Phylum Arthropoda is the largest animal group which constitutes the largest percentage of the world’s organisms. It is estimated that about 84% of all known species of animals belong to this phylum and number of known species vary between 1,170,000 and 5 to 10 million. Besides these, many arthropods are not yet unidentified. Some prominent groups of arthropods are insects, crabs, spiders, bees, ants, millipedes, shrimps, centipedes, etc. Among them, insects form the single largest class of phylum Arthropoda. According to the entomologist, globally there are over 10 quintillion insects on earth, of which, more than 300,000 species are Coleoptera, 180,000 species belong to Lepidoptera, over 90,000 dipteran species and over 100,000 species belong to Hymenoptera.
The term “Arthropoda” is derived from two Greek words ‘arthros’ meaning ‘joint’ and ‘podos’ meaning ‘leg’. Hence the word “Arthropoda” means “jointed legs”. Arthropods are protostomic, eucoelomic organisms and they have functional segmentation body with a pair of the jointed appendage. They also have a bilaterally symmetrical body with external chitinous cuticle. Some species of arthropods bear wings for aerial movement.
They are the successful animal groups which show a great variety of adaptations. Among them, some live in aquatic environments, some inhabit in terrestrial habitat and others are adapted for aerial habitats.
General Characteristic Features of Phylum Arthropoda
You might also read: Phylum Mollusca: General Characteristics and Its Classification
Classification of Phylum Arthropoda
The phylum Arthropoda is divided into the following five sub-phyla:
Sub Phylum-I: Trilobitomorpha [Gk. tri = three, lobos = lobe, morphe = shape = three-lobed form]
Examples: Triarthrus eatoni, Dalmanites limulurus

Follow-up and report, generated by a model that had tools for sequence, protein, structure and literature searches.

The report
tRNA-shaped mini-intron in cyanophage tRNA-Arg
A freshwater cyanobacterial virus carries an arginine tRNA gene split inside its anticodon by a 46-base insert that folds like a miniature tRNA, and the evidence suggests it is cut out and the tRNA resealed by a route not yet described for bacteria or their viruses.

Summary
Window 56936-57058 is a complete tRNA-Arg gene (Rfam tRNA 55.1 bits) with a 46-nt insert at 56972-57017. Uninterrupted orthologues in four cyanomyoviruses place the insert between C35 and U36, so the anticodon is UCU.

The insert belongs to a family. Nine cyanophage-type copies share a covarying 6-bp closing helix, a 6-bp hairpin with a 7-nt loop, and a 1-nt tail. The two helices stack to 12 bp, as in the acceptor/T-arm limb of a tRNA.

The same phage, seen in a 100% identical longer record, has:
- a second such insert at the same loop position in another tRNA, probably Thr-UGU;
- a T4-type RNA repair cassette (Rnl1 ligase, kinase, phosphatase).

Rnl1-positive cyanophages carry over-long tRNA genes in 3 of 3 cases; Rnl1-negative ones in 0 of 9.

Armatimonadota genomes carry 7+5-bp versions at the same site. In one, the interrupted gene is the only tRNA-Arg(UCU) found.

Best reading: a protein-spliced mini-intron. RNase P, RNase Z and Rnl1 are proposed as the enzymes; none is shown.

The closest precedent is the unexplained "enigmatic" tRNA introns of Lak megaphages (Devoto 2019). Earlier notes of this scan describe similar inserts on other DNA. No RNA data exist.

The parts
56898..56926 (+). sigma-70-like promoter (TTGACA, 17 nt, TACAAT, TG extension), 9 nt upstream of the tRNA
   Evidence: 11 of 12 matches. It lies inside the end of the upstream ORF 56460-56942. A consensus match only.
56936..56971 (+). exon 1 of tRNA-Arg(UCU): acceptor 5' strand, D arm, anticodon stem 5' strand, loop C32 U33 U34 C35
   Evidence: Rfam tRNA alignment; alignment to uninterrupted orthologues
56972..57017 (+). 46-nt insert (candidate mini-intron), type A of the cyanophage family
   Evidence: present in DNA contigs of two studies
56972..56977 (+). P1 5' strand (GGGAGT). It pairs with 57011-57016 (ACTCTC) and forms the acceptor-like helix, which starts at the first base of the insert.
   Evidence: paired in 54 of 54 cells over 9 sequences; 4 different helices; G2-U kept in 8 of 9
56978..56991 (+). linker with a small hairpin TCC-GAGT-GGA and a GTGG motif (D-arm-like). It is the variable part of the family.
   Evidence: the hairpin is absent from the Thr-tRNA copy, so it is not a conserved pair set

Sub Phylum-II: Chelicerata (Gr. chele=claw, keros=horn)
Subphylum Chelicerata is again divided into the following two classes:
Class I: Xiphosura (Gr. xiphos=sword, oura=tail)
Examples: Limulus polyphemus (horseshoe crabs), Tachypleus gigas
Class II: Arachnida (Gr. Arachne =spider)
Examples: Heterometrus cyaneus,
Sub Phylum Myriopoda is divided into the following four classes:
Class-I: Chilopoda (centipedes)
Example: Scolopendra galapagoensis, Scutigera coleoptrata (house centipede)
Class-II: Diplopoda (Millipedes)
Example: Julus terrestris
Example: Pauropus amicus
Class-IV: Symphyla (pseudocentipedes)
Example: Scutigerella immaculata (garden symphylan)
Sub Phylum: Hexapoda
Examples: Musca domestica (housefly), Lepisma saccharina (silverfish)
Subphylum Hexapoda is divided into the following twoclasses:
Class-I: Insecta (insects)
Examples: Pieris balcana (Butterfly), Apis serana
Example: Entomobrya albocincta
Subphylum-V: Crustacea (Crusta: shell)
Class crustacean makes the large group of organisms under phylum Arthropoda. The notable crustaceans include the crabs, crayfish, lobsters, shrimp, barnacles, krill, copepods, ostracods, and mantis shrimp, etc. This class contains over 67,000 known species which are found in freshwater and sea. The American lobster is the largest crustaceans which can grow up to 20 kg in weight while the giant Japanese crab which has legs that can span up to 12 feet (3.7 meters).
Classification of Crustacea
The subphylum Crustacea is divided into the following six classes;
This class is the largest and extremely diverse class which contains over 40,000 species. The notable species include pill bugs, lobster, amphipods, crabs, scuds, crayfish, krill, shrimp, mantis shrimp, etc.
Example: Lysmata amboinensis (Pacific Cleaner Shrimp), Nennalpheus sibogae
Example: Tigriopus brevicornis, Aglaodiaptomus leptopus
Example: Daphnia pulex, Artemia salina (brine shrimp)
Example: Herpetocypris reptans, Stenocypris hislopi
Example: Tesnusocaris goldichi , Cryptocaris hootchi
Example: Chiltoniella elongate, Hampsonellus brasiliensis
Arthropods live on land and in water and they are the source of food for many animals and human being. Many crustaceans species such as crabs, shrimp, prawns, lobsters, crayfish, etc are consumed by humans as protein sources. They are now cultured on a large commercial scale to meet the nutrition demands. Ecologically, they make food chain and also provide an important nutrition source for various animals such as fish, birds, mammals, and mollusks.